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    Customs, FDA Collaborate on Food Inspections

    WASHINGTON - Customs agents along U.S. borders have become food inspectors to monitor food imports more closely for signs of bioterrorism, federal officials announced Wednesday, according to AP.

    WASHINGTON - Customs agents along U.S. borders have become food inspectors to monitor food imports more closely for signs of bioterrorism, federal officials announced Wednesday, according to AP.

    Deputy Customs Commissioner Douglas Browning said U.S. Customs and Border Protection, together with the Food and Drug Administration, has trained 1,600 to 1,800 officers to search for contaminated food.

    Browning and FDA Commissioner Mark McClellan have signed an agreement permitting the FDA to commission as many customs officers as necessary to work on the FDA's behalf to inspect food shipments.

    At least two FDA-trained customs officers are now stationed at most of the 300 major ports of entry around the country, Browning said. Ultimately, all 18,000 customs officers along the borders could be trained, working in places where the FDA has no inspectors.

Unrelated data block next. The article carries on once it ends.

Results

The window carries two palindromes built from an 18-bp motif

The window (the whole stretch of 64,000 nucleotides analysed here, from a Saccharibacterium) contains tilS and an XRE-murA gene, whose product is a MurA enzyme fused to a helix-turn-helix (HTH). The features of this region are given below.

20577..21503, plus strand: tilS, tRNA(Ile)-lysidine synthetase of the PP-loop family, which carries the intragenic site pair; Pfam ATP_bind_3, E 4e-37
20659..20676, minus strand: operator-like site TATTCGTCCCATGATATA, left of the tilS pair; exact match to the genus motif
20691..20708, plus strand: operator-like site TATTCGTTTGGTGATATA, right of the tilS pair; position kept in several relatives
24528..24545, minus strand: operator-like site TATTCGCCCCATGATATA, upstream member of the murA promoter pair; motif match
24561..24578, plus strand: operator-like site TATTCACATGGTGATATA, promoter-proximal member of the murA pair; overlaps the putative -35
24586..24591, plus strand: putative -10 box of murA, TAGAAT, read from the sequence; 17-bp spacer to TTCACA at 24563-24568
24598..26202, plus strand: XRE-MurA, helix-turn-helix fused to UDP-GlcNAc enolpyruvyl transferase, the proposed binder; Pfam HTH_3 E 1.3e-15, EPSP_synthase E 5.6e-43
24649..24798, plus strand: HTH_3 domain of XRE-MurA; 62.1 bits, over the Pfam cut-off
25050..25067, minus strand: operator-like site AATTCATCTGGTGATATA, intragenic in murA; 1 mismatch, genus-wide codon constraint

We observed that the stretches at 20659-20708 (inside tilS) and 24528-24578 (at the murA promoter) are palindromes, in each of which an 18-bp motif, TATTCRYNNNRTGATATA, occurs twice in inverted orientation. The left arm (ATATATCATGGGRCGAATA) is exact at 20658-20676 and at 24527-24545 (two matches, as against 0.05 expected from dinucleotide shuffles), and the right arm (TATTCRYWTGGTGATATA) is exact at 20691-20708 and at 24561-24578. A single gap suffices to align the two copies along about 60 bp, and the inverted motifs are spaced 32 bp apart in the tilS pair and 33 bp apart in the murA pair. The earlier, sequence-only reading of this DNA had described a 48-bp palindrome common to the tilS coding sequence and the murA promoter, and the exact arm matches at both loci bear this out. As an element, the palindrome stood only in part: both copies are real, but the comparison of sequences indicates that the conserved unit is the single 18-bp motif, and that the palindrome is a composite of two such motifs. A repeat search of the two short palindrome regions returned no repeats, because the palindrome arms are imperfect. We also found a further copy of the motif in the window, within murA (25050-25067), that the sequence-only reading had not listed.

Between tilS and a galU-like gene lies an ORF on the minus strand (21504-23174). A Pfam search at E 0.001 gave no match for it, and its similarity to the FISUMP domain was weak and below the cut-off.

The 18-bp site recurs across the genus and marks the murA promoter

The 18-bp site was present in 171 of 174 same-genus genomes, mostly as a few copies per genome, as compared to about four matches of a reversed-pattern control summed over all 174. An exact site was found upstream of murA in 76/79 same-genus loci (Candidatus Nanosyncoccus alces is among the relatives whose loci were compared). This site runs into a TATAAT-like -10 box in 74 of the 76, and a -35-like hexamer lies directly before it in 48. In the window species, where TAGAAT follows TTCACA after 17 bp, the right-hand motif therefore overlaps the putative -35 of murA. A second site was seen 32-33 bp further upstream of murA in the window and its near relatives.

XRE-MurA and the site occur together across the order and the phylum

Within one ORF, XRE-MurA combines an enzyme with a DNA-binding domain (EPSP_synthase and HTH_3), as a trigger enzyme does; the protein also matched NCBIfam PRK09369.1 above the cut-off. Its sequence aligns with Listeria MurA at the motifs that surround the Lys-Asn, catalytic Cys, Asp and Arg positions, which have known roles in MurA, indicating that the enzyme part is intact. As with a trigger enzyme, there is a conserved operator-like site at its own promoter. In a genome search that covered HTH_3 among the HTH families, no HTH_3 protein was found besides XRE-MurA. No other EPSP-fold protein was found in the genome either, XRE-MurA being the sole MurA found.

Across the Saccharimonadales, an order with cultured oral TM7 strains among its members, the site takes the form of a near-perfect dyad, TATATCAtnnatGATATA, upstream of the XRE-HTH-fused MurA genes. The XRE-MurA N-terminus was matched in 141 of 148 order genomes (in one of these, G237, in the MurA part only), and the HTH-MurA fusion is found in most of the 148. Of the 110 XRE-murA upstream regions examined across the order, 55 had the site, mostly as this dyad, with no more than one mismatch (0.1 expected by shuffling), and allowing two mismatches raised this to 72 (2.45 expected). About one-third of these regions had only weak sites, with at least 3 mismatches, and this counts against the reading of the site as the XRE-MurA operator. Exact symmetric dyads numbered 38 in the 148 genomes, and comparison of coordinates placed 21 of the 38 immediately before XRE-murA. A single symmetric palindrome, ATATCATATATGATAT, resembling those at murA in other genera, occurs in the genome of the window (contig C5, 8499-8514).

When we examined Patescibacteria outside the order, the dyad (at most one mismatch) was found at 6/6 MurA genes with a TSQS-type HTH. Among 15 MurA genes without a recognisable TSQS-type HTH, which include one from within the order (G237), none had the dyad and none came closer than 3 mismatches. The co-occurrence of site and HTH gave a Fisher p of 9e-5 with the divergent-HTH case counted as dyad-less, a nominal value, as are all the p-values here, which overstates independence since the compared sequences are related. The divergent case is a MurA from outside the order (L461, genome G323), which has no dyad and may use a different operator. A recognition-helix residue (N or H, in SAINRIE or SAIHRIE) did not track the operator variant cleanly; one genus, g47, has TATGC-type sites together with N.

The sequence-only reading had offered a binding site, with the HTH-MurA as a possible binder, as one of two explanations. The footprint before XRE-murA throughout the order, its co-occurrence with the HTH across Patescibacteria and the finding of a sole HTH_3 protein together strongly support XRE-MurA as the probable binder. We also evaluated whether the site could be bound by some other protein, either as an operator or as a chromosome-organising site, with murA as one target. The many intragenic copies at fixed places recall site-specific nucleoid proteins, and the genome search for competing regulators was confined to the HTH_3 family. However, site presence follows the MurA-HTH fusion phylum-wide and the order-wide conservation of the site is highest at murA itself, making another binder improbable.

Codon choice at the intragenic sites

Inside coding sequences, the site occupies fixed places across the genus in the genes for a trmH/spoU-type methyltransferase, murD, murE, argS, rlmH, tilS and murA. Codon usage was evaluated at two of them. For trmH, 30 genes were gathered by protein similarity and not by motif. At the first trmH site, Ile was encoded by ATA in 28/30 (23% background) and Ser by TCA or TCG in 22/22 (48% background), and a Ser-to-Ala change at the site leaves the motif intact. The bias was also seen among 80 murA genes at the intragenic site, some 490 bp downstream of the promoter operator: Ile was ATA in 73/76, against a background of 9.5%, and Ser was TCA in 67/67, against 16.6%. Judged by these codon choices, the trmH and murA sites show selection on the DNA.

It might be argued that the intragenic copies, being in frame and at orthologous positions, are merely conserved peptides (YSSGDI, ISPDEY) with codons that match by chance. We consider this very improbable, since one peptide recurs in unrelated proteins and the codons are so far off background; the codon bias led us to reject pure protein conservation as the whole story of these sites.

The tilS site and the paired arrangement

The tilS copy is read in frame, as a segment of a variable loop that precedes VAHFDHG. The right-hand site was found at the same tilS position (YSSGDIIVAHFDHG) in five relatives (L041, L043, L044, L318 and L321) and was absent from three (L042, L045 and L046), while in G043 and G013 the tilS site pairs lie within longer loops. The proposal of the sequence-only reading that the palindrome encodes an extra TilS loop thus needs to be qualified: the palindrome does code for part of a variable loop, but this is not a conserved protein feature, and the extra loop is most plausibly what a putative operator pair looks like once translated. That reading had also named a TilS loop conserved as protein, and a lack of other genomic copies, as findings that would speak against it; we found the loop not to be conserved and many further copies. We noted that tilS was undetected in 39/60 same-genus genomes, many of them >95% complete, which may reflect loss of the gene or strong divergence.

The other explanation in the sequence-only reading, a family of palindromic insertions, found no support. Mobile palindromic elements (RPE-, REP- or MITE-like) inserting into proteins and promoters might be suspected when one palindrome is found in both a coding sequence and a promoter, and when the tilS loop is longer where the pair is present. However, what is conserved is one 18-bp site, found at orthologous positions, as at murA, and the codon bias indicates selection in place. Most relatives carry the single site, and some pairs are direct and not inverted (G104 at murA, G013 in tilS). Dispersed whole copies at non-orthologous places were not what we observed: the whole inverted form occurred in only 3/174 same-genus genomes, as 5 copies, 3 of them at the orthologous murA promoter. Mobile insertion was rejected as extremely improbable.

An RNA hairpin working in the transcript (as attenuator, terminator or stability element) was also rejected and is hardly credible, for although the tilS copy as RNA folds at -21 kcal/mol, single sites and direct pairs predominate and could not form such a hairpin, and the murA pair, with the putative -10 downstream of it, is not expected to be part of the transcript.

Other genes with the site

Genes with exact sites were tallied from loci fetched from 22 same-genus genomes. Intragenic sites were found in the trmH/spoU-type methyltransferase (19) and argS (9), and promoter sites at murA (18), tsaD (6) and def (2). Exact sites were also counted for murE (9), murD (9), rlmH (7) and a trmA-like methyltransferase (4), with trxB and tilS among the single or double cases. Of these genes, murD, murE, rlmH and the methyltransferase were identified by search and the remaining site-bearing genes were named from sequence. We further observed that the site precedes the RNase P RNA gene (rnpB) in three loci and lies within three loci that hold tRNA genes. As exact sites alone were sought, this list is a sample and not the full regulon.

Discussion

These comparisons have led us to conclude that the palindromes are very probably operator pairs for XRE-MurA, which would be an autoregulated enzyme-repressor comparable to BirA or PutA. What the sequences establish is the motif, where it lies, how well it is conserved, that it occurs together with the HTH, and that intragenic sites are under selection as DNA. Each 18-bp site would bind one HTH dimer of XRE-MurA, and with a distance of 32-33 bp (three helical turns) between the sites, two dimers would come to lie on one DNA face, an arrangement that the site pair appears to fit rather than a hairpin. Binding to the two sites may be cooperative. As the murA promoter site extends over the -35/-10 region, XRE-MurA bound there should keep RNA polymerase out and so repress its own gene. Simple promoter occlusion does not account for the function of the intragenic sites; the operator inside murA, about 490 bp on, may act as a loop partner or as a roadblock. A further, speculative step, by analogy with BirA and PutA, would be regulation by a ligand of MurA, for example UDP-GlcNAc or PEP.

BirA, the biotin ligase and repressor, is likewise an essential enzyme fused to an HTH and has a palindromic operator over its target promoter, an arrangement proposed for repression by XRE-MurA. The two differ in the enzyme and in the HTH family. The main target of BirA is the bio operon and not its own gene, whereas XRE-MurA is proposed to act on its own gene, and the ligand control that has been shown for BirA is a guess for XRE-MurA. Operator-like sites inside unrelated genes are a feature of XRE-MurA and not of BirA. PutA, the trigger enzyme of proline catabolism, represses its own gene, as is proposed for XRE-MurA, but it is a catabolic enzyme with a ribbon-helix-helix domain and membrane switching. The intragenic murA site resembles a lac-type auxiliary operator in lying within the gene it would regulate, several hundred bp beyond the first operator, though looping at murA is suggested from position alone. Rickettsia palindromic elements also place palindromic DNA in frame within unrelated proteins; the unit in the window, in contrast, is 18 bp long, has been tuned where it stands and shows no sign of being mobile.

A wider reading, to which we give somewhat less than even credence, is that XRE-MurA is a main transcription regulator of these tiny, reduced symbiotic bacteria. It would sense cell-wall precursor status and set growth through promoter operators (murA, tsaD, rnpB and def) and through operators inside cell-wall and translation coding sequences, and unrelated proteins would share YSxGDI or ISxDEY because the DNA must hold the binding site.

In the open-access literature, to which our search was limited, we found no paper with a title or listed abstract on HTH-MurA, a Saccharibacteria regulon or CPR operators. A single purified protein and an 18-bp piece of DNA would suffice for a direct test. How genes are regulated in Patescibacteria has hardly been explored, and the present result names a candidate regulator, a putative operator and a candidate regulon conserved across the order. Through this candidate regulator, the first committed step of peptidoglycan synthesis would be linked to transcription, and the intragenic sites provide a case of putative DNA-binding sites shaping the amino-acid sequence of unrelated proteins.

Officials could not immediately give a cost estimate for the program.

    The agreement is part of several measures officials are taking in response to bioterrorism legislation passed by Congress last year requiring the government to better monitor food imports.

    McClellan said that the customs agents would help the FDA comply with new rules requiring importers to give regulators two to eight hours' notice, depending on the mode of transportation, of the arrival of a food shipment. The new rules additionally require the registration of food facilities operating in the U.S. market. About 100,000 firms, most of them foreign, have registered before the Dec. 12 deadline, but officials said enforcement would be flexible initially while firms adjust to the changes.

    According to McClellan, additional food inspectors along the borders could help prevent naturally occurring diseases like the hepatitis outbreak, linked to contaminated green onions from Mexico, that killed three and made hundreds ill.

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